Electric field:

$\overline{){\mathbf{E}}{\mathbf{=}}\frac{\mathbf{V}}{\mathbf{d}}}$

Charge stored in a capacitor:

$\overline{){\mathbf{Q}}{\mathbf{=}}{\mathbf{C}}{\mathbf{V}}}$

Energy stored in a capacitor:

$\overline{){\mathbf{U}}{\mathbf{=}}\frac{\mathbf{1}}{\mathbf{2}}{\mathbf{C}}{{\mathbf{V}}}^{{\mathbf{2}}}}$

Power:

$\overline{){\mathbf{P}}{\mathbf{=}}\frac{\mathbf{E}\mathbf{n}\mathbf{e}\mathbf{r}\mathbf{g}\mathbf{y}}{\mathbf{t}\mathbf{i}\mathbf{m}\mathbf{e}}}$

**(1)**

V = 4 × 10^{8} V

d = 10 km = 10000 m

E = V/d = 4 × 10^{8}/10000 = **4 × 10 ^{4} V/m**

Storm clouds build up large negative charges, as described in the chapter. The charges dwell in charge centers, regions of concentrated charge. Suppose a cloud has -25 C in a 1.0-km-diameter spherical charge center located 10 km above the ground, as sketched in the figure. The negative charge center attracts a similar amount of positive charge that is spread out on the ground below the cloud.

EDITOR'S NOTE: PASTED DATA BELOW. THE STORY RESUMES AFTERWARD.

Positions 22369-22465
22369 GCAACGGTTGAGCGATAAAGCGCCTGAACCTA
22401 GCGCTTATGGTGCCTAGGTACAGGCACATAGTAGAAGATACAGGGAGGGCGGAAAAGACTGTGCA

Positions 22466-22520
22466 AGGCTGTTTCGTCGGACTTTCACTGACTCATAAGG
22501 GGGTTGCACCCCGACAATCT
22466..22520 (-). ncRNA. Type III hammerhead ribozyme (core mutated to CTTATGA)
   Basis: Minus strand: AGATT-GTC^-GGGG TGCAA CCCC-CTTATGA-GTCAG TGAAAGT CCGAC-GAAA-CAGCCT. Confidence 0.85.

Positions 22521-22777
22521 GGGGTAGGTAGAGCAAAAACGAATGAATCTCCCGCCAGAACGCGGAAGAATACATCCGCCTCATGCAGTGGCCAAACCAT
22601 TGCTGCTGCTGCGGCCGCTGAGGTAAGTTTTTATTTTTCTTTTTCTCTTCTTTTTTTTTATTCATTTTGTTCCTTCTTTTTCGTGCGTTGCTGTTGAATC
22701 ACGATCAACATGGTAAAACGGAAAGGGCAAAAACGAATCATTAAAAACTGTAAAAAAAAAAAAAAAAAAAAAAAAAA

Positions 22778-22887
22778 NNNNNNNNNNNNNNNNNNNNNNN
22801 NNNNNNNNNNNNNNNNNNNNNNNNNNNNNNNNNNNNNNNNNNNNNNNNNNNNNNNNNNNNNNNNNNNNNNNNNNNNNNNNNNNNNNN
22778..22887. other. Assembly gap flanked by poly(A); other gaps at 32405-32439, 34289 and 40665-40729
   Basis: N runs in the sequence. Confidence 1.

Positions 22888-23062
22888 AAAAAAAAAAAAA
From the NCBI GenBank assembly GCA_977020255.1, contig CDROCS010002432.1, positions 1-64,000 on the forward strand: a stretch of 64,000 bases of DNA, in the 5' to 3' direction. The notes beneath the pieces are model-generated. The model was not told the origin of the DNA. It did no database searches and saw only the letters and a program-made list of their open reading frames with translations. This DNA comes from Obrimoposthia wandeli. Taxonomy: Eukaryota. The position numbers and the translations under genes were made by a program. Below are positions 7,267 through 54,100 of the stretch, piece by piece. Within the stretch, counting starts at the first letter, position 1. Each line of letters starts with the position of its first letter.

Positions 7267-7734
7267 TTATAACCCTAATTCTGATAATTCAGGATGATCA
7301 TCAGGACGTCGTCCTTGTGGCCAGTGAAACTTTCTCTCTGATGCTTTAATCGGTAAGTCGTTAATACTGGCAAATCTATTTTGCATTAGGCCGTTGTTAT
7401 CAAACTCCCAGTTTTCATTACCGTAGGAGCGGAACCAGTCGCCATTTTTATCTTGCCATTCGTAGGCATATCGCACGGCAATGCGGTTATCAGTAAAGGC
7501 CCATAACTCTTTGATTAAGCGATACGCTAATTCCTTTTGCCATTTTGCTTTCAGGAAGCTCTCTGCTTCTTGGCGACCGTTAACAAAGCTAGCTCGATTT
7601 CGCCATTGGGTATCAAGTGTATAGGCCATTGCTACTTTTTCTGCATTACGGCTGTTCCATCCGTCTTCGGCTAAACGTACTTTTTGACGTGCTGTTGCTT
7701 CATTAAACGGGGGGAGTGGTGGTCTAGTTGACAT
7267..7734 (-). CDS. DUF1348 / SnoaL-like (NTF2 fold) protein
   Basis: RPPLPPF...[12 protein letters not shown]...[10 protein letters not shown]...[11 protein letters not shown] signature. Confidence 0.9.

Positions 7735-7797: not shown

The charge center and the ground function as a charged capacitor, with a potential difference of approximately 4 x 10^{8} m The large electric field between these two "electrodes" may ionize the air, leading to a conducting path between the cloud and the ground. Charges will flow along this conducting path, causing a discharge of the capacitor - a lightning strike.

1) What is the approximate magnitude of the electric field between the charge center and the ground?

A) 4 x 10^{4} V/m B) 4 x 10^{5} V/m

C) 4 x 10^{6} V/m D) 4 x 10^{7} V/m

2) What is the approximate capacitance of the charge center-ground system?

A) 6 x 10^{-8} F

B) 2 x 10^{7} F

C) 4 x 10^{6} F

D) 8 x 10^{6} F

3) If the cloud transfers all of its charge to the ground via several rapid lightning flashes lasting a total of 1.90 s, what is the average power?

A) 12.7 GW

B) 3.74 GW

C) 2.74 GW

D) 1.74 GW

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